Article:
"Yes. I was leading a small squad on a routine check of the Refugee Defense Army. They had set up a perimeter around the city to defend against the armies that came from the Fracture territories. We had received orders from command to be prepared for an artillery barrage. My squad was the first to hear the orders, but it was already too late. The first shells landed near an ammunition cache, igniting our stores. By the time the first force fields were set up over the other caches, half our stores were already gone. To add to the chaos, Fracture artillery had demolished our communication equipment. Add that to the fact that a sudden rain burst had rendered our radar useless, and you will see that our entire defense line was ready to fall."
"But is it not true that there were other ways of communication? Using flares for instance?"
"Yes…but we could not use flares. Sending up a flare would be like digging your own grave. They had armored vehicles in the field that would track the flares down and head to the source. The squads that used them didn't stand a chance. By the time reinforcements reached them, they were nothing more than scraps in the mud."
"I see…" The officer reached towards the computer terminal, typed in a command, and turned back to face Daniel.
"Are you able to identify the insignia the attacking forces used?"
"Yes, but in reality there were more than one insignia." The officer looked confused for a second, but then returned to a stoic face.
"Well, sir, my recon group identified the insignias and colors of several main groups in the Fracture territories, as well as a few minor ones. Though it is unusual that the groups and raiders in the Fracture territories banded together, it isn't all that unusual." Daniel explained.
"Hmm…that's interesting. I have never known another time this has happened."
"Well, sir, it has happened once before when the old Coalition government tried to expand their dominion over most of the Fracture territories. When the Coalition was overthrown and the Unified Peoples Republic rose to power, the Fracture returned to it's pre-revolution state: wild, ungoverned, and filled with raiders, bandits, and pirates."
"I see, now is there anything else you would like to tell me before I end this session?" Daniel hesitated for a moment, and looked away.
"Yes, there is…one thing." Daniel sighed and looked back at the officer. "Like I said, my recon group indeed did identify the major Fracture groups, but there was one I have never seen before. None of my squad members have remembered it, either."
"Would you mind describing it for me?"
"Sir, it would be easier if I were to show you." Daniel reached into his pocked, and pulled out a datapad. The officer looked stunned.
"You want to show me your datapad?"
"No, it's what's on it. I need your approval that this will be off the record, though."
The officer glanced around, reached in his pocked, pulled out an oval, and pressed it. "Alright, that should give us some time. Please, continue."
"Thank you, sir." Daniel powered on his datapad. "Alright, Juno, you can come out now." Daniel set the datapad on the table, and waited. The screen dimmed, and then an image suddenly projected out from the screen. A female form materialized, clothed in robes of white.
"It's about time, Danny. You know I hate it when you turn off the datapad." The figure placed her fists on her hips and pouted.
"Yes, Juno, I know, but I had to. They were doing electromagnetic screening. Would you rather have your memory banks fried, and your own system destroyed beyond recognition?"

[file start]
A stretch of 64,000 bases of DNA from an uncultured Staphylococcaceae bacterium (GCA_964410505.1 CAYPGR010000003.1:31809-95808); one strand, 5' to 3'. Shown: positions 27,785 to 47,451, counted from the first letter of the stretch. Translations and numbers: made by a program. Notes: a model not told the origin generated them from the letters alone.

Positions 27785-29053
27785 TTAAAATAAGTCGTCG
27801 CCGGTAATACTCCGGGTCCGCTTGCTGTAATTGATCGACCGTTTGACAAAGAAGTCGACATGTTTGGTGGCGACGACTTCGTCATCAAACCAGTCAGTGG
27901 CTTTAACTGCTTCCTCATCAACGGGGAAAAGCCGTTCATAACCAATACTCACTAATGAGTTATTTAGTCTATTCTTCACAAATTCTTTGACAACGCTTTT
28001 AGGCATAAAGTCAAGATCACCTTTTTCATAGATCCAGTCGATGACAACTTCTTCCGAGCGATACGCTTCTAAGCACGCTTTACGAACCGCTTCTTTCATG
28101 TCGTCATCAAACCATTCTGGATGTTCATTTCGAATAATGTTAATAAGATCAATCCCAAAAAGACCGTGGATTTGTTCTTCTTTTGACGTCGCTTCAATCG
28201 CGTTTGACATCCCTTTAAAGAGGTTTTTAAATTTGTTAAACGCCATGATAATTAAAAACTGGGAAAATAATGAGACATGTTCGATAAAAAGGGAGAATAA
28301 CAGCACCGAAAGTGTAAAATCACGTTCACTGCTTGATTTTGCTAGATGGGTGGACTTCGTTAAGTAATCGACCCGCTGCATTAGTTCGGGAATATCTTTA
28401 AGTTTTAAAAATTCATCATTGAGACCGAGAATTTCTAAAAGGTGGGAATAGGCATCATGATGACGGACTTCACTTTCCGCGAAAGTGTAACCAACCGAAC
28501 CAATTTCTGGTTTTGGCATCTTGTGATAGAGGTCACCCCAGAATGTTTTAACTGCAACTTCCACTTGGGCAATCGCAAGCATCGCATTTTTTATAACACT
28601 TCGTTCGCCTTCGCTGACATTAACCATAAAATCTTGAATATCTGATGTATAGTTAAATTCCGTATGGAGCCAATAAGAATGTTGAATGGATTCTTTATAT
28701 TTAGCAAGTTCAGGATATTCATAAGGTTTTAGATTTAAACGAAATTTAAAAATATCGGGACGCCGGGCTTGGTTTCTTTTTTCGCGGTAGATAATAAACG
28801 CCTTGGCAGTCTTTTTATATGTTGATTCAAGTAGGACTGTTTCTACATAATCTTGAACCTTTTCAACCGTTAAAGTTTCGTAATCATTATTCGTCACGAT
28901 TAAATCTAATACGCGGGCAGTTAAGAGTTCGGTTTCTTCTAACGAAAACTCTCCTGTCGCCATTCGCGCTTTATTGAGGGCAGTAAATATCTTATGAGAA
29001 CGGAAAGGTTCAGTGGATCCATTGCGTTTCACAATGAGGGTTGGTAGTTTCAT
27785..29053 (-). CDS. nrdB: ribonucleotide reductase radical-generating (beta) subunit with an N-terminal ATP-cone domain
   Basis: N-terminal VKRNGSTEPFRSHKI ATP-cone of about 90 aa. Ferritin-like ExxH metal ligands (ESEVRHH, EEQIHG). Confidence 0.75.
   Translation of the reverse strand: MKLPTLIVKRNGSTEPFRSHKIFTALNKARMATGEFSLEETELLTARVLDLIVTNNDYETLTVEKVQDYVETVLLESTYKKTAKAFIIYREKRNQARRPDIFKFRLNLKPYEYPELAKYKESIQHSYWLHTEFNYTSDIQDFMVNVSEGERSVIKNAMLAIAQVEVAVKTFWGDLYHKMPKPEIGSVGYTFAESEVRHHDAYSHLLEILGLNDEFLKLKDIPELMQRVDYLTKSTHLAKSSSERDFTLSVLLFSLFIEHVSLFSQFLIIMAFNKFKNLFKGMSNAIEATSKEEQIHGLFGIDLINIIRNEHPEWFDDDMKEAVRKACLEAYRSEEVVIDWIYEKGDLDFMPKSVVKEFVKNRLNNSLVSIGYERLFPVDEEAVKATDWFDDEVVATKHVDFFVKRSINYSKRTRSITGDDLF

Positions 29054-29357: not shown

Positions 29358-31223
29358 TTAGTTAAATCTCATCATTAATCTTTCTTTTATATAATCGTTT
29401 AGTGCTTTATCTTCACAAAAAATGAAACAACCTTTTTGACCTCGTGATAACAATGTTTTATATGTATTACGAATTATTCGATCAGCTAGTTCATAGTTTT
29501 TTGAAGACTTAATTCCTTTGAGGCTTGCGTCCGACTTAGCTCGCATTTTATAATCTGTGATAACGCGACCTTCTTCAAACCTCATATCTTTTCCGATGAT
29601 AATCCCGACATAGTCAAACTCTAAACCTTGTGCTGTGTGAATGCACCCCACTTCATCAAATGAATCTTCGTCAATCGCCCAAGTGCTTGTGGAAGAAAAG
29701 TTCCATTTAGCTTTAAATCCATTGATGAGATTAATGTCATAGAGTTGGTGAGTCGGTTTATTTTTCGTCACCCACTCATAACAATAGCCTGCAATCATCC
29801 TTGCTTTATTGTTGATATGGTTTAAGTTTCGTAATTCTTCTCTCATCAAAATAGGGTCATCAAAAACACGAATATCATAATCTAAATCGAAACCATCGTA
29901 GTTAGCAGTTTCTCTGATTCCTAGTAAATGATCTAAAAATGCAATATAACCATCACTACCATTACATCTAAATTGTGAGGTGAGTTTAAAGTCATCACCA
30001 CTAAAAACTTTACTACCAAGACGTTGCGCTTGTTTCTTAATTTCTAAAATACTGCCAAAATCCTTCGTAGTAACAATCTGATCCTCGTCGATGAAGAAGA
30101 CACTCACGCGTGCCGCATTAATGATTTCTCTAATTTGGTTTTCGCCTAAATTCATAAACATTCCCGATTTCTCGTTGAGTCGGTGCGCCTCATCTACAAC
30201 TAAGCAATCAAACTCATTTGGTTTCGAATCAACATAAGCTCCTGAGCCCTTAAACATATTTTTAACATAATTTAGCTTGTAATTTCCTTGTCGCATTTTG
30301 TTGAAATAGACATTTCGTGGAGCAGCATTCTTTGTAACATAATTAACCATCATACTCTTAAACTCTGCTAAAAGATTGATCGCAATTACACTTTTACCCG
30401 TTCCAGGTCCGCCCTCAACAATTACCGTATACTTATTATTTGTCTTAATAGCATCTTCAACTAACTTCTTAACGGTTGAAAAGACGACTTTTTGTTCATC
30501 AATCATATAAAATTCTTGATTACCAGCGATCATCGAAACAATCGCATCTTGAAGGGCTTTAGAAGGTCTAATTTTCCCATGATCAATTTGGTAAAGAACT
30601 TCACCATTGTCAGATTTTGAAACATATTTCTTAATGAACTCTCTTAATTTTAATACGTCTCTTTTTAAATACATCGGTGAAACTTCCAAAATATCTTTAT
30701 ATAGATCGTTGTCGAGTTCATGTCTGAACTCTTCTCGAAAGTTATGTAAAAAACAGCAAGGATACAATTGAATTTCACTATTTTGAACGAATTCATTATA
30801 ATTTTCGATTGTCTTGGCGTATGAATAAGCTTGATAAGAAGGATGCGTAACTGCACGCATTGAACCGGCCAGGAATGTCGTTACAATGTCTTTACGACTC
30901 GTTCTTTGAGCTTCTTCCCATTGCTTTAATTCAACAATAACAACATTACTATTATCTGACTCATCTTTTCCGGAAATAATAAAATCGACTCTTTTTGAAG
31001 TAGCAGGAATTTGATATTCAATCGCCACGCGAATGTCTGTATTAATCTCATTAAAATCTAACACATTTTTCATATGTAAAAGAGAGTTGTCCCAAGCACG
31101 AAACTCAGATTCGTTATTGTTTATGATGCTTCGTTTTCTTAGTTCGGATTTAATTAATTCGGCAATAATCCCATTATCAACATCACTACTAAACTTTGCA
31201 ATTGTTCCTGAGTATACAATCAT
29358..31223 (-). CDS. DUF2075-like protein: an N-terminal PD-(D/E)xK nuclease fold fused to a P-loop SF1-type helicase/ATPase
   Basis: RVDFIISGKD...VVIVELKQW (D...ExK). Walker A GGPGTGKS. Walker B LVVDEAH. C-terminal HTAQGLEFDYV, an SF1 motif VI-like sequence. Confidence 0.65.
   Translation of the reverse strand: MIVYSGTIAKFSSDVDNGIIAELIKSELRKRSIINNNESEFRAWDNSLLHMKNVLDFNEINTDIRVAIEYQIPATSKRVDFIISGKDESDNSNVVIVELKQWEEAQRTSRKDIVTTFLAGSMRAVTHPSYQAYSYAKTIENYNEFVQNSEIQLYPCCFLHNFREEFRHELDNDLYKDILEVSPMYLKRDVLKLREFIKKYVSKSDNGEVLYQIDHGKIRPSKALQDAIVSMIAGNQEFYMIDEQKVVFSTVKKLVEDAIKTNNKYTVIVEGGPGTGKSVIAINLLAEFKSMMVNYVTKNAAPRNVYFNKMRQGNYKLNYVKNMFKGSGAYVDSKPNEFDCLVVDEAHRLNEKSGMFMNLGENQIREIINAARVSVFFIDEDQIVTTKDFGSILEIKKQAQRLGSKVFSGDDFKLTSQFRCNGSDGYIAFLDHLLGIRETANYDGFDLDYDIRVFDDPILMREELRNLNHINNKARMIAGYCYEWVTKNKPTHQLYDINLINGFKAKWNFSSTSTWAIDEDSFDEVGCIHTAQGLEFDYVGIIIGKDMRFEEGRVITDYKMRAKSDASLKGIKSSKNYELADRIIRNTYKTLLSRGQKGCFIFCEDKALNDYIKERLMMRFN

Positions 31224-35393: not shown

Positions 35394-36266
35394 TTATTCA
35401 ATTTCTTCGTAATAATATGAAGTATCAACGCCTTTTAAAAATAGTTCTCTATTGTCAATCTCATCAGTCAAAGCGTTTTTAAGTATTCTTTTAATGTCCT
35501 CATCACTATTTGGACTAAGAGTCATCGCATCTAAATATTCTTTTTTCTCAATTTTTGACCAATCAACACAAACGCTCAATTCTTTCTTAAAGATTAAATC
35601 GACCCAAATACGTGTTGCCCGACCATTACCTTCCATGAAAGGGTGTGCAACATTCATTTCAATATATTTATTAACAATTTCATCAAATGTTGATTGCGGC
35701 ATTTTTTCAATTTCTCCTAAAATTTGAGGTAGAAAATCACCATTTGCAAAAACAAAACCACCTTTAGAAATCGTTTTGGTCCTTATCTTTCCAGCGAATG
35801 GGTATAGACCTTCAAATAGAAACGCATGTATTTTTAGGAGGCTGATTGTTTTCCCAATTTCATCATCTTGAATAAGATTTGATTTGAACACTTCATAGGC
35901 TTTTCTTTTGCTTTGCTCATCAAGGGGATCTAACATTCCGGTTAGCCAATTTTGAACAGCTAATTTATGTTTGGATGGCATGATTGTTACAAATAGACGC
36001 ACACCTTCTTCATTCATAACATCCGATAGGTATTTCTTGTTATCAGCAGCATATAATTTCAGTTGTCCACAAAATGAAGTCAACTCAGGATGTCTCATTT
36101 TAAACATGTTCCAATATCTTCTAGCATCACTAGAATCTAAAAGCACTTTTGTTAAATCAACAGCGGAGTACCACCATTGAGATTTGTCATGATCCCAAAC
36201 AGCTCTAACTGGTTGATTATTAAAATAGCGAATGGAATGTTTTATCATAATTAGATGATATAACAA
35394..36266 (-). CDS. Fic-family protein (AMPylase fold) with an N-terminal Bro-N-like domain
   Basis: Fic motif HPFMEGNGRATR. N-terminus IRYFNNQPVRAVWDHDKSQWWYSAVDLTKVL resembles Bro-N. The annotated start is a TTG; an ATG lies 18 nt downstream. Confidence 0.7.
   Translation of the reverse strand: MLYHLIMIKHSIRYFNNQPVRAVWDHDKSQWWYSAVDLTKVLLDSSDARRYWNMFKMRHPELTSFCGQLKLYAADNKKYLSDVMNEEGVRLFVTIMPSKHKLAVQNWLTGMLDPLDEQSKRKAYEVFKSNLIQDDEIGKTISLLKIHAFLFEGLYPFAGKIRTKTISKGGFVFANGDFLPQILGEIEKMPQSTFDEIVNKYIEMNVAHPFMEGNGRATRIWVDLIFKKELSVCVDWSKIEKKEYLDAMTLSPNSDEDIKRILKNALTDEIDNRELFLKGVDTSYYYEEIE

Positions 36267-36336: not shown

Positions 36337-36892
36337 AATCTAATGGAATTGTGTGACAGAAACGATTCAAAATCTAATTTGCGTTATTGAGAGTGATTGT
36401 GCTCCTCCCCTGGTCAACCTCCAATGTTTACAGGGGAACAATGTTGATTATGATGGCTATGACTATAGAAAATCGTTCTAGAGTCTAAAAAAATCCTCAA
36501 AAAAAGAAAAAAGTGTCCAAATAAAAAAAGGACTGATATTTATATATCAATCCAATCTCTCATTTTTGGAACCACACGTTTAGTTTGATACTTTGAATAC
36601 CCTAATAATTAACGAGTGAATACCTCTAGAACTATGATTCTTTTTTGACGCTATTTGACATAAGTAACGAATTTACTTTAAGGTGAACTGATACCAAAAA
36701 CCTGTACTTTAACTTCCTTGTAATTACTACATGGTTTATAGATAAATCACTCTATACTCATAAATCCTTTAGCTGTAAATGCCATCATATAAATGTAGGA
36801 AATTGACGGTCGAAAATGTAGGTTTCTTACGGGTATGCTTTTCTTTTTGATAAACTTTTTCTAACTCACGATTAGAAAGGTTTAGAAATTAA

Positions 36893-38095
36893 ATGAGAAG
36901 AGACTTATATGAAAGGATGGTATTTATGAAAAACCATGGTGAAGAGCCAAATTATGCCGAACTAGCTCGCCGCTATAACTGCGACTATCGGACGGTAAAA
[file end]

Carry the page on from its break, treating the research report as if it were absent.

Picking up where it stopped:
"I thought not, but we're short on time. I need you to bring up the pictures and renders of the unknown Fracture insignia we saw on our recon mission near the refugee camp 'Sanctuary'." Juno flashed red as she processed the request. Suddenly, several images appeared around her.
"Alright, Dan, I've set them up."
"Thanks. As you can see, this is the new insignia currently used by one of the factions in the Fracture territories." Daniel tapped one of the images, and it expanded to become a larger view. The officer suddenly froze, and waved the images away.
"Staff Sergeant, it would be in your greatest interest that you forget anything that had to do with that insignia. I am only going to tell you once: That insignia will only bring misfortune and pain. Do not continue to do research on it. Do we have an understanding?" The officer stared at Daniel's face.
"Good. There is something I need to tell you before I go. Tomorrow will be a very important day. You need to have your original reconnaissance squad assembled and together in the Garage, in the Theta wing of this complex. Any soldier can point it out on a map." The officer stood up and left the room without waiting for a reply. As soon as the door closed, Juno looked at David.
"We're going to look into the insignia, aren't we?"
"You know it, but first send out a message to everyone in our squad. Maybe we can all get out of this in time."
"Get down! They've got shells coming in." Explosions added to the cacophony that pounded Gerard's eardrums. He held his rifle tightly, sweat beading along his arm. He crouched in the trench, back against the dirty metal of the wall. Soldiers next to him stood up, and aimed their rifles over the top of the trench. Gerard followed. He braced the rifle against his shoulder, tilted his head to line up with the rifle sights, and drew in a deep breath. The battle seemed to become muted, noises faded out. He heard the sharp clack as he loaded his rifle and clicked the safety off. He waited for a target to come out of the smoke rising from the field of barbed wire, mines, metal, and wreckage. He saw a dark shape emerge, then five others. He heard someone shout, "Fire!" He exhaled, and pulled the trigger. A burst of fire blossomed out from the muzzle of the gun. Tracers cut through the grey smoke and haze. From that first burst, three targets fell. Gerard continued to fire.
A five-round burst shook his arms. Another target fell. He methodically fired until he heard a clack. Without hesitation, he reached towards his chest, opened a pocket, pulled out a magazine, ejected the spent one, and replaced it. By the time he looked down the rifle again, there were ten more targets. He tried to ignore their shouts as they felt the bullets against their skin. It was nothing personal, just war. He had to keep reminding himself of that; he can't afford to freeze up and think about the people the enemy left behind.
A magnesium flare suddenly lit up the entire field, washing everything with a red glow. For the first time in a while, Gerard could see farther down the field. He saw other